Even though classical art had survived centuries and represented eternal values eventually the classical image could no longer be sustained amidst all of the changes the modern world. The archaic robes of a judge or a city councilor would have to be updated to modern fashion. A general could no longer be represented on horseback, like the Roman Emporor, Marcus Aurelius, because generals no longer rode horses. You can see the end of classical art in Melbourne in two statues, both of generals, and both located, not far from each other in the Kings Domain Park.

Bertram Mackennal, George VII Memorial, 1920

The sculptors of these memorials are closely connected. There is a tradition of master and studio assistant that runs through the lives of William Leslie Bowles (1885-1954) and Raymond “Ray” Boultwood Ewers (1917-1998). Bowles trained in England attending night classes at South London School of Sculpture and at the Royal Academy. During the day he worked there with several sculptors, including Bertram Mackennal. In Mackennal’s studio Bowles assisted with the large public monuments, including the equestrian statues of King Edward VII for Melbourne.

When in 1937 William Bowles won the competition to create a memorial to Sir John Monash Commander in Chief of the Australian Forces, World War I. Bowles proposed the classical form for a military man, a bronze equestrian statue on a granite pedestal. The bronze statue of Monash was cast in Italy prior to the outbreak of WWII but only finally completed and installed in 1950.

William Leslie Bowles, Sir John Monash Memorial

William Leslie Bowles, Sir John Monash Memorial, 1950

There are many similar equestrian statues like the, nearby equestrian statue of the Marquis of Linlithgow by William Birnie Rhind that was unveiled in 1911. But the Monash Memorial is even more like the equestrian statues of King Edward VII that he had worked on with Bertram Mackennal further along St. Kilda Road.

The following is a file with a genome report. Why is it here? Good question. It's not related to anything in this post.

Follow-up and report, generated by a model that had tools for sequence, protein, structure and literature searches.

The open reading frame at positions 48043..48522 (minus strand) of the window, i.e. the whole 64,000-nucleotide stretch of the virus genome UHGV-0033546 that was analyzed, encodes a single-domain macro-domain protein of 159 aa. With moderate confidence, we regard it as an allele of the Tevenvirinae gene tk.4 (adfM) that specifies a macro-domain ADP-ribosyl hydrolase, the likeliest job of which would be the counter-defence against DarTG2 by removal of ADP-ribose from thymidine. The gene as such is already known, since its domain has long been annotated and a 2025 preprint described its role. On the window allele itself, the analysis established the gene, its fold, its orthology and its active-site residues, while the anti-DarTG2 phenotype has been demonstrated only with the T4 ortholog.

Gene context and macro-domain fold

A decade later, Ray Ewers depicted Sir John Monash’s contemporary, Sir Thomas Blamey not on horseback but in a jeep. Although Blamey’s wife wanted an equestrian statute, this was now too obviously archaic for both the sculptor and the committee commissioning the sculpture.

Ray Ewers, Sir Thomas Blamey, 1960

Ray Ewers was trained in sculpture at the Working Men’s College in Melbourne from 1936 to 1940. Bowles had selected Ewers as an assistant and Ewers had assisted him with the Sir John Monash Memorial. And when poor health stopped Bowles work for the War Memorial, he asked that his former assistant, Ray Ewers complete it. Ewers also made the “Australian Serviceman” at the Australian War Memorial sculpture garden in Melbourne.

Without the classical form to work from the Blamey Memorial, 1960 is simply big and ugly. The memorial is a bronze grossly oversized figure standing in part of an army jeep instead the tradition of an equestrian statue. The part of the jeep is shown exploded, as in a 3D technical drawing, rather than anything dramatic. The figure’s pose is stiff, military and not in the least classical. The granite plinth emphasizes the rectangular shape of the statue.

The statue could be described as ‘realist’, not the revolutionary 19th Century realism of Manet and Courbet, more like the 20th Century National Socialist Realism of Nazi Germany or the Socialist Realism of Stalinist Soviet Union. The realism and classicalism promoted by Nazi Germany cast a long shadow across sculpture in this styles in Europe but evidently had little impact in Australia.